Youth fall pregnant for govt grants: Survey

By Drum Digital
12 December 2012

The youth in South Africa think that 45 percent of teenagers fall pregnant to get government grants, a survey revealed on Tuesday. Consumer insights company Pondering Panda conducted the poll among 4418 South African aged between 15 and 34.

According to the survey 37 percent of the youth think teenagers fall pregnant was because they do not believe in birth control and 11 percent thought it was because they wanted children. Seven percent of people polled did not have an opinion.

"Younger respondents were more likely to think teens who had babies wanted the government grant," Pondering Panda said in a statement. Fifty-three percent of 15 to 17-year-olds felt this way, compared to 43 percent of 18 to 34-year-olds."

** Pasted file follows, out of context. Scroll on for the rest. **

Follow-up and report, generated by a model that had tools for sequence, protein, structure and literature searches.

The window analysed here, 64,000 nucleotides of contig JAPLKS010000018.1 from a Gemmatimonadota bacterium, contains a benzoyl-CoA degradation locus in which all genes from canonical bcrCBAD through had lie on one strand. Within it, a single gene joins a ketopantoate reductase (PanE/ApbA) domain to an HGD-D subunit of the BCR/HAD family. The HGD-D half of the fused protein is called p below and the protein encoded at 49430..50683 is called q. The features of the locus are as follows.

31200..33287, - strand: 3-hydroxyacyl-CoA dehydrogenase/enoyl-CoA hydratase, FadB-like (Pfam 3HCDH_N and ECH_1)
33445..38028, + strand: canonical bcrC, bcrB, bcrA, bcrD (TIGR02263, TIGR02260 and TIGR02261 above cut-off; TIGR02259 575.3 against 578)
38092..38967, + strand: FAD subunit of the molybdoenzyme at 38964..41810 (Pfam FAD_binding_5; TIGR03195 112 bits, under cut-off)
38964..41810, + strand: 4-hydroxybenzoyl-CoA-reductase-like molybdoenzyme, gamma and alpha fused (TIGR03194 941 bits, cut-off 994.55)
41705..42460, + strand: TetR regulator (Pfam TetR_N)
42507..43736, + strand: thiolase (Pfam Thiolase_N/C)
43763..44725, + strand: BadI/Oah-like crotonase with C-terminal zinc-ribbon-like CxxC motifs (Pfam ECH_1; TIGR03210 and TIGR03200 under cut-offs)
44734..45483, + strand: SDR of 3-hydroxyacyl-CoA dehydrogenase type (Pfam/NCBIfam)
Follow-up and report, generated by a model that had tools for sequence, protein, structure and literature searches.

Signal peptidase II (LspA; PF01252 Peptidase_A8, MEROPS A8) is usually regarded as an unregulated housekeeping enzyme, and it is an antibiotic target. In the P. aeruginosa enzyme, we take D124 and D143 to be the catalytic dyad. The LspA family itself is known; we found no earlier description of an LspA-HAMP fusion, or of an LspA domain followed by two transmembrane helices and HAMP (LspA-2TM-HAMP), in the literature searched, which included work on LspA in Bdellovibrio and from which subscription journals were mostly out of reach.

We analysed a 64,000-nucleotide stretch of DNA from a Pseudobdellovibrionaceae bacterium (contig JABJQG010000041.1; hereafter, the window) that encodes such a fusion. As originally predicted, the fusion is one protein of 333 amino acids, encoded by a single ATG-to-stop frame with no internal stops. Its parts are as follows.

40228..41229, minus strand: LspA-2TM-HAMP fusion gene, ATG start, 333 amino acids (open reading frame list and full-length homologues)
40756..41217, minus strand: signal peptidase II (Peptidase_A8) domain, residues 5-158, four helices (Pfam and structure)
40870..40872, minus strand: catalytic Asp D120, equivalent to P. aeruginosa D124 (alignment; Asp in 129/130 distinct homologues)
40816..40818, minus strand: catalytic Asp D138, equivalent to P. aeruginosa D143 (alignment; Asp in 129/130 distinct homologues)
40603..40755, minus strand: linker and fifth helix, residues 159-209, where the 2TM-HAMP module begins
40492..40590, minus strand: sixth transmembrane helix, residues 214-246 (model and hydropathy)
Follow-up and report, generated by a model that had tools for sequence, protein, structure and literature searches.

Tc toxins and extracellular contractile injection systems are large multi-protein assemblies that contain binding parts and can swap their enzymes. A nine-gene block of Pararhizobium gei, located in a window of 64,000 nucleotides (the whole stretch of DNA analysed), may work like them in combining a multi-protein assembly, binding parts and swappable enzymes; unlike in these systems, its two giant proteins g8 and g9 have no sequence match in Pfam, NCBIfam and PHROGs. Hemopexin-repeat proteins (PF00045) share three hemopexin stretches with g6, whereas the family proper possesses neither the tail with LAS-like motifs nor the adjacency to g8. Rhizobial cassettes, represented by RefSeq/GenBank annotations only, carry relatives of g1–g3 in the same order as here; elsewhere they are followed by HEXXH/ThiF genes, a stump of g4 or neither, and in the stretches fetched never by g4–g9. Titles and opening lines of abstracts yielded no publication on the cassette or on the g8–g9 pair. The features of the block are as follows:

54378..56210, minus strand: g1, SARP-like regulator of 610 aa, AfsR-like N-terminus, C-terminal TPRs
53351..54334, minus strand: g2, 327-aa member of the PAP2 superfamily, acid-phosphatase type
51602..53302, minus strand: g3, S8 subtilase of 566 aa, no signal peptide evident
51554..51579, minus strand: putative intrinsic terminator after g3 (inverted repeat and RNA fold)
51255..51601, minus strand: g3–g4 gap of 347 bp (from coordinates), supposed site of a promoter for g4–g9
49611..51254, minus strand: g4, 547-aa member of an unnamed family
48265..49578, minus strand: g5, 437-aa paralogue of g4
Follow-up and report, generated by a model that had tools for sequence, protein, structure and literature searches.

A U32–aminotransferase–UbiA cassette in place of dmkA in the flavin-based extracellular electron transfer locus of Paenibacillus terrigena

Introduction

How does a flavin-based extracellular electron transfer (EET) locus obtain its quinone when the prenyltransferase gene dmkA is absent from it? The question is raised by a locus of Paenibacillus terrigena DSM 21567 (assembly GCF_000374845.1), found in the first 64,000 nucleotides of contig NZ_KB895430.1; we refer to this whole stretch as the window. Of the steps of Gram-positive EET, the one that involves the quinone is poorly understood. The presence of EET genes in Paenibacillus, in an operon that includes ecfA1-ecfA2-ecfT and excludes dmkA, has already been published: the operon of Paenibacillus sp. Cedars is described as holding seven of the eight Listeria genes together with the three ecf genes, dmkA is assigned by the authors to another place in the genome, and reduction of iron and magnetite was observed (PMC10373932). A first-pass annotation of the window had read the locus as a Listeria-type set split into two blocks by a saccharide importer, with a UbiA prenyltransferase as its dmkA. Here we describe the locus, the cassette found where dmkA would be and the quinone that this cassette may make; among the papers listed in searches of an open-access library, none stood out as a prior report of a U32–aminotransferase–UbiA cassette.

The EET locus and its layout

Black, coloured and Indian youth thought teenagers who had children were doing it to get access to the grant as they scored between 44 percent and 46 percent, they added. But 43 percent of white respondents thought teenagers fell pregnant because they did not believe in birth control.

Pondering Panda spokeswoman Shirley Wakefield said the survey showed that the youth in the country thought the high rate of teenage pregnancies was because of poor use of birth control or lack of sexual education.

"They see the government's child support grant as an active incentive for teens from low-income families to have children," Wakefield said.

"Whilst teen pregnancy is a complex societal issue, government needs to understand how it is viewed by the youth, and work with educators to change the perception that state hand-outs are an acceptable means of financial support for teens."

The interviews were done on cell phones between November 7 and November 10 across the country and results were weighted to be nationally representative, she added.

-by Sapa

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